“If only we had another car,
our transportation problems would be solved.”

“I have the green light: it must be safe for me to go.”

“Gee, I’m really drunk: I must be having a good time.”
The menu is not the meal.

The brochure is not the vacation.

The ad is not the product.

The news is not the event
(Neither is the testimony).

The model is not the muddle.
Robert Anton Wilson

Apropos of Korzybski’s map / territory distinction, Mishima Yukio distinguished between words and world. Nice. (Though habitués at my domains will have noticed that I use the concept “world” very differently. Mishima seems to mean “territory.” I distinguish between “planet” and “world”: in which the planet is the actual territory and the “world” is just “words”: maps, descriptions, stories: none too accurate: propaganda.) (Don’t let the words confuse you.)

Dangers may exceed critical quantum thresholds when model-territory substitutions infect political theory. On the one hand the “conservative” argues Mom-and-Pop Capitalism while actually getting mega-corporate power-poker. The model argues for letting the efficient dogs feed; the territory delivers John D. Rockafeller cutting prices till the competition dies followed by arbitrarily high prices. In contrast the socialists see regulation gone astray, so they argue for the absolute monopoly of regulation. That’s like taking heroin to cure your cocaine addiction.

No map territory distinction is more important than that between events and our record keeping. The truth is territory; the New York Times deals only with maps.


Non-dimensional: concrete vs. abstract “things”
Our tendency to attribute concrete reality to abstract reality is a theme which runs throughout this site. Compare Descartes’ res extensa and res cogitans.
See Korzybski passim.
See Ilya Prigogine, The End of Certainty, p. 16.
Since first writing this module (and this note) I’ve done a couple more pieces on the subject. Stand by till I remount: Extension/Intension, Macroinformation …

A decade and a half after its publication and my son’s recommendation, I finally read Robert A. Heinlein’s Job. The protagonist is an administrator for a fundamentalist church whom God persecutes by repeatedly switching “reality” on him. Eventually the Devil befriends the poor bastard. The protagonist has told the Devil that the “world” keeps changing. The Devil informs him that he is mistaken: only enough of his surroundings had been changed to deceive him. To have done more would have been inefficient and wasteful: poor artistry.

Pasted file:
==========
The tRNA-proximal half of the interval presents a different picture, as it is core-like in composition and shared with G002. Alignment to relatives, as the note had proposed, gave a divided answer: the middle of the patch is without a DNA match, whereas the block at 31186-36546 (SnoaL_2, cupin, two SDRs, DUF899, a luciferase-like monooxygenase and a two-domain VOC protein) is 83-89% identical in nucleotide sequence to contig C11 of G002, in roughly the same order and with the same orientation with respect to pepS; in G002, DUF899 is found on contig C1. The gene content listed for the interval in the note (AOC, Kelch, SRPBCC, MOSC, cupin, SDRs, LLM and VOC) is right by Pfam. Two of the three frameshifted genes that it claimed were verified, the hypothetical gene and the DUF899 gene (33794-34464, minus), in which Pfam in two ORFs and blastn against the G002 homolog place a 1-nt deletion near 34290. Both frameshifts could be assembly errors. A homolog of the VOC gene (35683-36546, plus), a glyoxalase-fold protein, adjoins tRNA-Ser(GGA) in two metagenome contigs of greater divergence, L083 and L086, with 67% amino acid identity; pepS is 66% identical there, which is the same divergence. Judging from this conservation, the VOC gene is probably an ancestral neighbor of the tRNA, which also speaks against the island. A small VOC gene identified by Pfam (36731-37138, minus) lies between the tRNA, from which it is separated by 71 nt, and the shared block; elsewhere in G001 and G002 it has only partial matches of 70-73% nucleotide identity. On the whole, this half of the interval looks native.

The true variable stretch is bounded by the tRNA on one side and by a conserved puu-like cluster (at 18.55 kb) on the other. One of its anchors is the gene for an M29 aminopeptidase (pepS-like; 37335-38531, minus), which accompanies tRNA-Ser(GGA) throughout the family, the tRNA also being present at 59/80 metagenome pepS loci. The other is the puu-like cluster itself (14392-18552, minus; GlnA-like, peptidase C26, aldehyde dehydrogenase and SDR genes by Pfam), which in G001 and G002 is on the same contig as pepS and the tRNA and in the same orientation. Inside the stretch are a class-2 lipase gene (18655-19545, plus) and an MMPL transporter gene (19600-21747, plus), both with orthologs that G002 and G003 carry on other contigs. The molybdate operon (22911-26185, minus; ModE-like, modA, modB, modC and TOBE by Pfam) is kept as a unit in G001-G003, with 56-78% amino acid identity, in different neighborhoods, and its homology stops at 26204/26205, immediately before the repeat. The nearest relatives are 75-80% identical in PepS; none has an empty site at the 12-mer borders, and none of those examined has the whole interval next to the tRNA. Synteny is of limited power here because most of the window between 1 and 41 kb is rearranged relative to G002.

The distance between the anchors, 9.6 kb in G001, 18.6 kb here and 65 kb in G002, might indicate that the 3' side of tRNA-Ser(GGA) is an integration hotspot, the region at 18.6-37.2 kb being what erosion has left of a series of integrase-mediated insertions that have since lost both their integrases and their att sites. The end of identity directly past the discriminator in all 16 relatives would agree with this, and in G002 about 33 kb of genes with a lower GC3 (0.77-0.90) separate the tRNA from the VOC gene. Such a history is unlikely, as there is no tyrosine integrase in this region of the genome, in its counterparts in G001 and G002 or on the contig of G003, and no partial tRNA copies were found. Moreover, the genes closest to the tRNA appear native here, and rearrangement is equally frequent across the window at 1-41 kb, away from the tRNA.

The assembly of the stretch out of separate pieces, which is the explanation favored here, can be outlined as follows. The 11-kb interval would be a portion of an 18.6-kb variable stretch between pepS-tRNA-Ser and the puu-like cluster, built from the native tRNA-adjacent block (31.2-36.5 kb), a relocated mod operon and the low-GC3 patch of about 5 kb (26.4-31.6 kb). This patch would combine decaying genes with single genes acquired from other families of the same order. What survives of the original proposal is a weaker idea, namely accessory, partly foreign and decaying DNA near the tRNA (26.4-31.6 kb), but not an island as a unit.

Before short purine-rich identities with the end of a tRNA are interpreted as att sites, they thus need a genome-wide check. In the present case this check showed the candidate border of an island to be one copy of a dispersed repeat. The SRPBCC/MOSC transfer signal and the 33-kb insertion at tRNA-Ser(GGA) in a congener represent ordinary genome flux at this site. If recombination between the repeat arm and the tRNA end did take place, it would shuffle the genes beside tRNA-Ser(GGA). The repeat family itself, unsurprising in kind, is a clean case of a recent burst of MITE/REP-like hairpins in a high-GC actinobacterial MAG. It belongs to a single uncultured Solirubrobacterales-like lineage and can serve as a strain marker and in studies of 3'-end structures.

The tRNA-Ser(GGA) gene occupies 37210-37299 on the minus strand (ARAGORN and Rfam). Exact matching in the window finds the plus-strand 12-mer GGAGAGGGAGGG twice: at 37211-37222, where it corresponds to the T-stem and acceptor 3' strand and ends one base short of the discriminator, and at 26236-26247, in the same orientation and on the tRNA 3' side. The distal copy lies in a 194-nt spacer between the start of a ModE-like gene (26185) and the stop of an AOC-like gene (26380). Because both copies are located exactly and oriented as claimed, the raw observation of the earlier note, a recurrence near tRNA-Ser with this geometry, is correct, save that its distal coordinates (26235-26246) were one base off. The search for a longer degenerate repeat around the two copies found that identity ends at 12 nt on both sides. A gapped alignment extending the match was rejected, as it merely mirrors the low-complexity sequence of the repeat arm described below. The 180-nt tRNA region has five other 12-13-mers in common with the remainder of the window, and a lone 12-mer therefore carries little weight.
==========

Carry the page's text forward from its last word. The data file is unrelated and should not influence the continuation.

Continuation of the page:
With each change the guy has run to a library to get the lay of his new world. He tries to poke a hole in the Devil’s position by claiming to have studied history each time.
You didn’t study history, the Devil corrects him: “you studied history books“!
(My own work parallels Heinlein’s again and again, though I’ve never known it case by case till one, two, or three decades after I’ve written my own version.)

See It At All: Opaque to the Majority
[This duplicates a section of my piece on Falsification. I’ll edit out one or the other.]
Peter C. Wason discovered that his test for the sense of falsification in reasoning was failed by 123 of the 128 college graduates tested: 96.1% failure. He further discovered that a significant portion of that majority could not understand the explanation of why the reasoned answer was correct.
I wish I had a million dollars so I could offer it as a prize to anyone who could devise a test for map/territory distinctions as clear, simple, and compelling as the Wason Test. Give the two tests together as a double barreled blast against Homo sapiens sapiens’ self-description.
Of course who ever received the prize should have the decency to reserve a few pennies of the million for an annuity to keep me alive and working.
Actually I suppose the million would earn enough interest for an annuity by the time anyone claimed the prize. A mere million should serve both of us.
Good God! What if I claimed the prize?
Safe to Go:
Did you know that more pedestrians are killed crossing intersections with the green light than against it? The law breakers tend to do so with their eyes open; the lawful trust the law to protect them: instead of their own senses!

Heroin for Cocaine:
I should have noted at the time of the original writing: that precisely is the historical origin of heroin: it was developed by doctors seeking a cure for cocaine addiction!

What map / territory blurring is worse than this one? Confusing having fulfilled a procedure with having accomplished a goal? We operated … Therefore … the patient must be well. We judged … Therefore … the convicted must be guilty. We believe … Therefore … our creed must be true.

I started publishing online in the very early 1990s (with, but didn’t begin a personal home page till 1995. What I now call my Thinking Tools began forming the core of my “Teaching” section by late 1995. The above would have been one of the first drafted: around 1996, as soon as I’d established my basic deschooling biography.

I was arrested in 2006, the FBI not being the first institution to misread my irony at The court censored my masterpiece, my host panicked, the more so since my son while paying my bills received in the mail, did not pay my bills received by email, and all my five domains with their roughly 2,500 text files and hundreds of graphics got destroyed. Federal censorship started a tumble of dominoes.

Once the FBI returned my computers, their functionality compromised but not altogether destroyed, I tried mounting my most important modules in blog form (4D reduced to 2D!). Google’s misread my Thinking Tools blog as spam!!!! and I got “censored” all over again. Ah, but I’m well used to it. My society has sabotaged my speaking since childhood. Not only do my schools not know what I said, they don’t know that they don’t know! We censor without awareness of our sin.

It’s preposterous to ask God for forgiveness of sins while we keep on asinning at a fatal rate. There can be no salvation, not secular, not intellectual, while we remain unaware of our repressive unintelligent kleptocratic essence.

My Mental Modeling Scrapbook follows as a separate post.


About pk

Seems to me that some modicum of honesty is requisite to intelligence. If we look in the mirror and see not kleptocrats but Christians, we’re still in the same old trouble.